Entrepreneurs are known to turn their business ideas into reality. The practicality of entrepreneurship just not limited to making profits for the company. An entrepreneur through his company creates jobs, helps in the growth of the country’s economy, affects the lives of people around him socially, financially and sometimes even on the emotional level.
To understand all of this, we need to get a clear idea of what entrepreneurship means. Entrepreneurship is just not a place or a location or a name. Entrepreneurship is a long process. It is the process of launching, developing, establishing and running a business venture from the scratch. It involves financial and capital risks both for the entrepreneur and the investor.
It does not happen every time that entrepreneurship grows in a positive direction. In fact, the reality is quite the opposite. An estimate of 90% of all startups fails every year. A lot of time, capital, manpower and planning is put into these startups and yet they fail to see the sunlight. Even still, 2 out of every 3 people all over the world think of entrepreneurship as a better choice and 1 in every 13 people is actually doing business. A staggering number of startups are launched every year. Some of them make it big while a huge chunk of them fail due to some reason or the other.
As we mentioned earlier, entrepreneurship is a process. A process that yields something beneficial and profitable for the entrepreneur, its constituents and shareholders. It also depends on the type of entrepreneurship with which the entrepreneur is involved.
Let us take a look at the most common types of entrepreneurship that exist in today’s world.
- Small Business Entrepreneurship: A huge 99.6% of the total world businesses can be classified into small business entrepreneurships. They incur a very low startup cost. Such entrepreneurships operate with the sole purpose of supporting the family and friends of the business owner. They are low scale businesses and hardly attract any venture capital or investment from a big company. Small business entrepreneurships offer limited entrepreneurial opportunities and not have much potential for business growth. These small enterprises are run with the help of funding from bank, family or friends. Most of the businesses which we deal with in our day-to-day lives are small entrepreneurships. Some classic examples of this category can be grocery shops, electricians, consultants, electronics shop, carpenters, barbers, work from home jobs etc.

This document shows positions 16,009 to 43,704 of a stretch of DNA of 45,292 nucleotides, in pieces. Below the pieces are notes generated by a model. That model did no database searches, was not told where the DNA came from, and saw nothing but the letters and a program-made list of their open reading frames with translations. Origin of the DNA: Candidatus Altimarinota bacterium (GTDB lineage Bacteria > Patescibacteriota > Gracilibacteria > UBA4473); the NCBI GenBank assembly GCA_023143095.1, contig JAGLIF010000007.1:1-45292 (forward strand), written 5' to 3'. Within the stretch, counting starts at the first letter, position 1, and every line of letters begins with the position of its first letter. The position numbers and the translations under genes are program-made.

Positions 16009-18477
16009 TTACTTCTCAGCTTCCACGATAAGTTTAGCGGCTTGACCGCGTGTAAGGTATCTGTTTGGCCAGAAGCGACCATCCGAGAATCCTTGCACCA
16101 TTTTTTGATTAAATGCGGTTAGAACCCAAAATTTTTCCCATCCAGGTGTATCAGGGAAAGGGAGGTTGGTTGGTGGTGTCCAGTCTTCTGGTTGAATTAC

- Scalable Startup Entrepreneurship: Scalable startups are built with an idea of changing the world and impacting the lives of people on a huge scale. A scale which is exponentially times bigger than that of small business entrepreneurships. Scalable startups receive funding and investment from venture capitalists. Entrepreneurs innovate business ideas with the ultimate goal of finding a scalable and repeatable business model. Almost all the Silicon Valley startups are scalable startups. They attract all the risk capital due to their outsize returns. Such startups are primarily located in the innovation clusters all around the world such as Silicon Valley, New York, Bangalore etc.
- Large Company Entrepreneurship: Large companies are the hub of innovation. These companies are of a finite life cycle when it comes to their products or services. They survive by innovating and creating variants or upgraded models of their products which are built around their core products. Customer’s requirements, needs and tastes keep on changing and thus large companies keep evolving their products to meet the customer’s expectations and trends in the market. Large companies often acquire other innovative companies or partner with other large enterprises to build a disruptive product. Google, Microsoft and Samsung are some excellent examples of large companies in the world.
- Social Entrepreneurship: Social entrepreneurship was termed as one of the best business ideas in 2018. Social entrepreneurs are the people who operate and innovate with the objective of solving social problems rather than just creating profits for themselves. They work to make world a better place by solving some of the common social problems such as poverty, hunger, education health etc. Social entrepreneurships can be profit, non-profit as well as hybrid. One remarkable example of Social entrepreneurship is Safepoint Trust by Marc Koska. The company delivered 4 billion safe injections in underfunded clinics in 40 countries with their breakthrough Auto-Disable syringes.